Largely ignored on arrival, PLUTO‘s sole album, out in 1971, has pride of place in many a connoisseur’s household now that that British band’s record is considered a cult classic, the original heavy prog LP fetching hefty sums if in great condition. Those who loved it didn’t dare to hope there could be a sequel – even the musicians themselves weren’t prone to such a dream – yet here it is, scheduled for April 24th release. And it’s not an archive item: “Journey’s End” features a dozen new numbers on vinyl, and seven more cuts on CD, among them two concert pieces – one familiar from that old LP. Unfortunately, half of the classic quartet has passed away, yet guitarists Alan Warner and Paul Gardner are still with us, and they enrolled a few friends to help them come up with the goods.
Judy Dyble is a national treasure, her ballads – especially those that comprise the artist’s solo oeuvre – digging deep in English folklore while creative a truly individual narrative. Enchanting in studio environment, on-stage these pieces take on a different life: that’s why “Weaving Of A Silver Magic” – a document of Judy’s performance at St. Barnabas Church, Cambridge, on September 10th, 2016 – should be special. Laid down with THE BAND OF PERFECT STRANGERS – including the singer’s old accomplice Alistair Murphy who produced the album – and THE AD HOC STRINGS, arranged by Phil Thoms, it will see the light of day on April 10th, at a difficult time for Dyble, who’s undergoing treatment for cancer, so the record’s exposure must turn into a sign of support for her.
2020’s marks a 50th anniversary of MATTHEWS SOUTHERN COMFORT, an ensemble that Iain Matthews has been returning to throughout his decades-long career, and that’s quite a reason for a new album. Titled “The New Mine” and scheduled for a March 27th release, the record will be a solid successor to both "Like A Radio" from 2018 and the group’s 1970 hit “Woodstock” because, like this song, its opener “Ethiopia” is written by Joni Mitchell.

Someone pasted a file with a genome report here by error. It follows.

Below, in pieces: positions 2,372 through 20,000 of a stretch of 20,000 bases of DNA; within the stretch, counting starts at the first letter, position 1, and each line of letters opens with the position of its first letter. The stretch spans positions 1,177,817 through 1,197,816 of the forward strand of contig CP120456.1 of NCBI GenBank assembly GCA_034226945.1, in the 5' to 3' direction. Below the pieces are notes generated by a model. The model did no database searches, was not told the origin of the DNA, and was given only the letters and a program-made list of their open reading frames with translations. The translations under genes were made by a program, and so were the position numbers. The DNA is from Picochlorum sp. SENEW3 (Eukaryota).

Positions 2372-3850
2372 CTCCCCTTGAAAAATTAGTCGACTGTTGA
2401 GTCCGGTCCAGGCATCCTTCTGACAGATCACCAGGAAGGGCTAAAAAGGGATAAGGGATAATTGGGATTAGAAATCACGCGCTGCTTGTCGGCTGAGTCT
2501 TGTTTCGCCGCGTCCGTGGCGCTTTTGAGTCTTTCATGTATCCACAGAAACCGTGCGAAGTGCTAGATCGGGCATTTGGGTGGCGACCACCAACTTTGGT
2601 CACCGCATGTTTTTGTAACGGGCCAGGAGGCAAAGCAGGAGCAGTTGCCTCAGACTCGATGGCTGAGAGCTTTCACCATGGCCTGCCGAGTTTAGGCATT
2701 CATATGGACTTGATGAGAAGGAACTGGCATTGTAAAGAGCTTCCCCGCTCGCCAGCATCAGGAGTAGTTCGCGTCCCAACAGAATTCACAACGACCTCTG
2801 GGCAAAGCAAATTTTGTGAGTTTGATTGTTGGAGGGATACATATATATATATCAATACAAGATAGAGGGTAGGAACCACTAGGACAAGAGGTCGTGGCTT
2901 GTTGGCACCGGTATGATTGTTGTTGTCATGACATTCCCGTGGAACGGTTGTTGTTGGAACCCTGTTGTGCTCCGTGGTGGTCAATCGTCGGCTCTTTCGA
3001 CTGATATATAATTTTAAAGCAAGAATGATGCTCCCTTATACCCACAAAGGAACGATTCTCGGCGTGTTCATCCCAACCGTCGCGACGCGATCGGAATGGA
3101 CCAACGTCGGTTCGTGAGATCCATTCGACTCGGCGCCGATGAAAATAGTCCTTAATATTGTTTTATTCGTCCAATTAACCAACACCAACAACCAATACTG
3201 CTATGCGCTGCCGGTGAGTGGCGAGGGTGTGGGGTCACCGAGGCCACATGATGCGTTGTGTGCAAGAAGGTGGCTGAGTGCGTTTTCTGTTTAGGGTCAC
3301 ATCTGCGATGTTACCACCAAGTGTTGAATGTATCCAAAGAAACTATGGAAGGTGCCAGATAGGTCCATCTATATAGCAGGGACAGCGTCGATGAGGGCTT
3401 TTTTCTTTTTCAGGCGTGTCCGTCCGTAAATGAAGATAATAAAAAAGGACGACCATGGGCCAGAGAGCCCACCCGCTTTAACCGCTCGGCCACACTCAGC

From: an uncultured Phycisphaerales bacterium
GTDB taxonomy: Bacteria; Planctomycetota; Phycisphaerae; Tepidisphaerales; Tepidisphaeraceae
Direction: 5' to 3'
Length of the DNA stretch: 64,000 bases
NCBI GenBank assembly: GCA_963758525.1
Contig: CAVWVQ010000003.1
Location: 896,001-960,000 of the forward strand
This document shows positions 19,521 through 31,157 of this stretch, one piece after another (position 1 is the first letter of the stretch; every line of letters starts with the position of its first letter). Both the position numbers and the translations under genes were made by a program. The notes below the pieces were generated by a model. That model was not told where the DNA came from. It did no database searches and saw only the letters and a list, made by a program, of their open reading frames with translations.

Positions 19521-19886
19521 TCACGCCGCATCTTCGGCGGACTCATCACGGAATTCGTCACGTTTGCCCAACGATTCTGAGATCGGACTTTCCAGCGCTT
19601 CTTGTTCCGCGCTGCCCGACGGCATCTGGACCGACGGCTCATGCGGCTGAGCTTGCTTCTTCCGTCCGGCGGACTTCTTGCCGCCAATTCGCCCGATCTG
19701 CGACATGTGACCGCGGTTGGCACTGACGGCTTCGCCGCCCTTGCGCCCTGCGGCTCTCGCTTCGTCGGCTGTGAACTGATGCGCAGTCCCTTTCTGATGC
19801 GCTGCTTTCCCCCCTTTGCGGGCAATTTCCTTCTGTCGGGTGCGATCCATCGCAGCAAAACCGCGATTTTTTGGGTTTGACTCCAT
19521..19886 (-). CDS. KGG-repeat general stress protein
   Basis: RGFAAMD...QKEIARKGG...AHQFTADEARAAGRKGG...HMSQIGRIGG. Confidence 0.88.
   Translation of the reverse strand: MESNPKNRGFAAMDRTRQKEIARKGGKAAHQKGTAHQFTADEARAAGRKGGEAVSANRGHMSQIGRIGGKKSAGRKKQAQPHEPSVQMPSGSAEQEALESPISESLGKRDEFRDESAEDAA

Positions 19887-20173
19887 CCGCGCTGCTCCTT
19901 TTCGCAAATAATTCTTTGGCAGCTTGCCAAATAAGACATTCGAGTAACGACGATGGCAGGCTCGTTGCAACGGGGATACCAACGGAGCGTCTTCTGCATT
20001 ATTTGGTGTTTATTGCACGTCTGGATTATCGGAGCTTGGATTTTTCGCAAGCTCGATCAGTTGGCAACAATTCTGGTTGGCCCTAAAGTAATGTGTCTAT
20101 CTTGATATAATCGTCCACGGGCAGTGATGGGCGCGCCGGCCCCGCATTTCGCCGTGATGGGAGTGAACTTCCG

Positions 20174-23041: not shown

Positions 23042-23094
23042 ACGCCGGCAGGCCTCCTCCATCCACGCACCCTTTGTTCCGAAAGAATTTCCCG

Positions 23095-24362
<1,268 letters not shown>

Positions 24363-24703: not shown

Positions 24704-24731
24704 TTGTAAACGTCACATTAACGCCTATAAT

Even though Steve Hackett prefers his guitar, and standalone singers, to do the talking on-stage, the legendary artist is a great storyteller, with “legendary” being a keyword here as, for all the spotlight shed on him, Steve remains an enigma. That’s why Hackett had been working on an autobiography since 2016 until recently, and July 2020 will see the book – titled “A Genesis In My Bed” – finally hitting the shelves.
When we spoke a few years ago, the veteran remarked that the volume “will be what a spontaneous work lacks, because it’s not a response to anyone’s questions – it’s a response to everything you have experienced in terms of priority from the word go. The way I saw London, for instance, after it had been heavily bombed from the war; that’s not something I can really ask someone to ask me about, but it’s something that’s important to me to try and paint the picture of the time that I grew up in.” All this means, revelations are guaranteed, from Hackett’s time with the titular group and beyond it.
Spearheaded with the instantly memorable “(Don’t Fear) The Reaper” whose influence extended far beyond music, BLUE ÖYSTER CULT‘s 1976 opus “Agents Of Fortune” elevated them to rock ‘n’ roll heaven so, to celebrate that album’s anniversary, the band played an one-off show for the Audience Music Network in Hollywood almost four years ago performing the LP in its entirety. The concert was recorded and will be released as “40th Anniversary – Agents Of Fortune – Live 2016” on March 6th, as a CD/DVD package as well as on Blu-Ray and vinyl. The document features a great line-up, where the ensemble’s mainstays, singer Eric Bloom and guitarist Buck Dharma, were joined by the great Kasim Sulton on bass, Richie Castellano on guitar and keyboards and Jules Radino on drums – both latecomers are still part of the group – and, as a special guest, another founding father, Albert Bouchard on guitar.